We are in a relatively small community (38,000) that is also home to State government offices. The State government offices are Microsoft Office users. As a result, there are a number of applicants with Access experiences, but none with FileMaker experience.
The two hour every two weeks is what I am able to commit in terms of time out of the office, as well as providing time for using/applying the skills learned. This is one set of expectations, there are a number of others that we will need to provide training and application time for.
More importantly, that is all I can get in terms of support from our Technology department. We are a small organization and only have one person with the skills necessary to provide training in FileMaker. That individual is also primary support for several software applications, including an implementation and support for a new program.
Given the limited opportunity for training and possibly limited availability of support, I want to make sure we do not have unreasonable expectations for this individual. I suspected it would take several months, but am being told that it shouldn't take that long.
As a new Filemaker user, I was hired in exactly the same situation as your new hire. I got some excellent advice re training time on Filemaker from a couple of other boards. Basically I was told that if I was allocated 7 hours a day 5 days a week that in 3 months I could build a basic database.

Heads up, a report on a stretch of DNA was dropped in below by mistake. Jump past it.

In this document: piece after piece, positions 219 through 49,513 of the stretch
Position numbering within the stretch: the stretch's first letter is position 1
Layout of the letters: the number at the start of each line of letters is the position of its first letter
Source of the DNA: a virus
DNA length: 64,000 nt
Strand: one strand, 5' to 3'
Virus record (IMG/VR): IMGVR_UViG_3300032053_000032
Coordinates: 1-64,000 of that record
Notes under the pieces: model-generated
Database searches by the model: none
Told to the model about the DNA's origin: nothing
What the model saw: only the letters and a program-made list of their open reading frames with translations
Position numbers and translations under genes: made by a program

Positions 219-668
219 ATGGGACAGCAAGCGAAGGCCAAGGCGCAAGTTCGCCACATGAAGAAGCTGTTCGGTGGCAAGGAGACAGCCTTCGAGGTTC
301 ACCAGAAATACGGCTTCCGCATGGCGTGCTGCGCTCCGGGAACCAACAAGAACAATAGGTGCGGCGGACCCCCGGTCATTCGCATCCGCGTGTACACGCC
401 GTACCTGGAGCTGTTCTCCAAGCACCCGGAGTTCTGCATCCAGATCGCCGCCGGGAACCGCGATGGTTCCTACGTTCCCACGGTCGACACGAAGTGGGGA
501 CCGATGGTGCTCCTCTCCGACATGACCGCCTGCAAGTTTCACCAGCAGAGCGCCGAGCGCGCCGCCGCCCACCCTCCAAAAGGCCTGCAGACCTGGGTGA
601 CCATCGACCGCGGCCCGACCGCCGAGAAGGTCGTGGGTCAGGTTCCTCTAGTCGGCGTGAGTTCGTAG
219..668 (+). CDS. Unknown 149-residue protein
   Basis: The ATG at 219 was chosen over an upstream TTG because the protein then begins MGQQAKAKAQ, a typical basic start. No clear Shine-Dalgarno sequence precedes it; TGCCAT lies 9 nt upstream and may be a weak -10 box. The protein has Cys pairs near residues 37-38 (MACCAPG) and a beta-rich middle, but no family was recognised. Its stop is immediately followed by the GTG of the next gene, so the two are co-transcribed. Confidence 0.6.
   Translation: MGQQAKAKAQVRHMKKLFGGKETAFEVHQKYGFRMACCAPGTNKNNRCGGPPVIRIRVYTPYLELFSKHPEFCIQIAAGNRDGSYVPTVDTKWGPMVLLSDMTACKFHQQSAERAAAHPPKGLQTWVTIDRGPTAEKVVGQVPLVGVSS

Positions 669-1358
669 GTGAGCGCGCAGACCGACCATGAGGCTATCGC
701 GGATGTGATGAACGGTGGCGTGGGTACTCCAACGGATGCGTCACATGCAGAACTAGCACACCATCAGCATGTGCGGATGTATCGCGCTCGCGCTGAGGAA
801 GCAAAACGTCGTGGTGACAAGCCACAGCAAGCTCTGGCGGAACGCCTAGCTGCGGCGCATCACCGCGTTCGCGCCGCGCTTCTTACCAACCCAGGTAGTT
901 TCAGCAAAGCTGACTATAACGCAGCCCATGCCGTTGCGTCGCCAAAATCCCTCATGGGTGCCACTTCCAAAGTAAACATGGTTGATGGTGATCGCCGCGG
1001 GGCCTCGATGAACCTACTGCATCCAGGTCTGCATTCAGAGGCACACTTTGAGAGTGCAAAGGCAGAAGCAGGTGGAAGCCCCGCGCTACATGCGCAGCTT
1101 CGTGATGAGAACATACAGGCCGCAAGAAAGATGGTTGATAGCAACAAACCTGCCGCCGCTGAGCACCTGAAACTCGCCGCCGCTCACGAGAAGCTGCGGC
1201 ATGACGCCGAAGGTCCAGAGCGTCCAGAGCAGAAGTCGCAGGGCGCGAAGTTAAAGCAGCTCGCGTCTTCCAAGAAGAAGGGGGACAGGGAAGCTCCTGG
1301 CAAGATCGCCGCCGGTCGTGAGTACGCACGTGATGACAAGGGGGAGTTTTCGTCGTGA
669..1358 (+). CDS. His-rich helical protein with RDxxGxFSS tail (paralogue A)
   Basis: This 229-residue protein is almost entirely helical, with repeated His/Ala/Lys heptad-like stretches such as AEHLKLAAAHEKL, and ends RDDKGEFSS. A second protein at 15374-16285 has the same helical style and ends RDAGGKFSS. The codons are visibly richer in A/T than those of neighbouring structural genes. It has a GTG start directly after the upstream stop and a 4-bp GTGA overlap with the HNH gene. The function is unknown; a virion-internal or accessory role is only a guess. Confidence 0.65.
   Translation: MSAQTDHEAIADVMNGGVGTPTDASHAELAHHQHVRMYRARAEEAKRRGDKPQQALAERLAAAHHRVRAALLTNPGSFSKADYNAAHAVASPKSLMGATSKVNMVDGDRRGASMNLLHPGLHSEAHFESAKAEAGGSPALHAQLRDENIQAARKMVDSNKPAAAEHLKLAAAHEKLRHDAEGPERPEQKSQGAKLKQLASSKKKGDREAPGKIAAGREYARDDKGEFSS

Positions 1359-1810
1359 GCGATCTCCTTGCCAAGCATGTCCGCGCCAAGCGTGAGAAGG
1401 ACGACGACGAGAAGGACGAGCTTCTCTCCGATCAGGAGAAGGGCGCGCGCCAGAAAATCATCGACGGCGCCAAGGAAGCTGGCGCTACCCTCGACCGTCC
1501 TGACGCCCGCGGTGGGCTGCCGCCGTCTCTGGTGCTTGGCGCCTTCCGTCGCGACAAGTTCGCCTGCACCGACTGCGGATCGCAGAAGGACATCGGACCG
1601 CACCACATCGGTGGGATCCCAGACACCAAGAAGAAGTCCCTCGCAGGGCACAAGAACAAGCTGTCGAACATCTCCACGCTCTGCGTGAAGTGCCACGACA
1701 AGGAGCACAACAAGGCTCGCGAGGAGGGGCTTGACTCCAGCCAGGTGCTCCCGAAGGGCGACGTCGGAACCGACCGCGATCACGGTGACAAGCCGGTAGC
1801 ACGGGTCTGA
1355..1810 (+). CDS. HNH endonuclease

I have had little experience with database design, couple of courses at college. I am now allowed to work on filemaker a couple of hours a day, and most of the day on Fridays. This works quite well. One of the big things for me was having a quite space, which was not available initially. I actually spent many hours at home reading and "playing" with Filemaker just to get the basics learnt. It is a very time consuming process and in many ways the poster who suggested hiring a Filemaker developer was not far from saying the truth. It all depends on what you are trying to build.
I really appreciate the opportunity to learn this program, but in some ways spending say, $25, 000 upfront may have been a better option for this situation....
Hope that is helpfull..
Similar to one of the previous posts, I would also like to add my two cents. I have taken countless hours of ACCESS classes over the years and still cannot build a database program. I bought FMP-9 and three users guides and taught myself the program in less than a month. I am not at a "novice level" yet, but I can, at least, build a database and do work in FMP. That is light-years further than what I did with ACCESS.
The point here is if you can master the basics, then there are people out there that can help with the rest. Reading these posts on a daily basis helps tremendously!
Unfortunately, I have found no one in my area to teach FMP. However, I have found folks, who for a small fee, will get me through a problem. I hope this has helped. The FMP user community is a great resource and may be the key to solving your problem.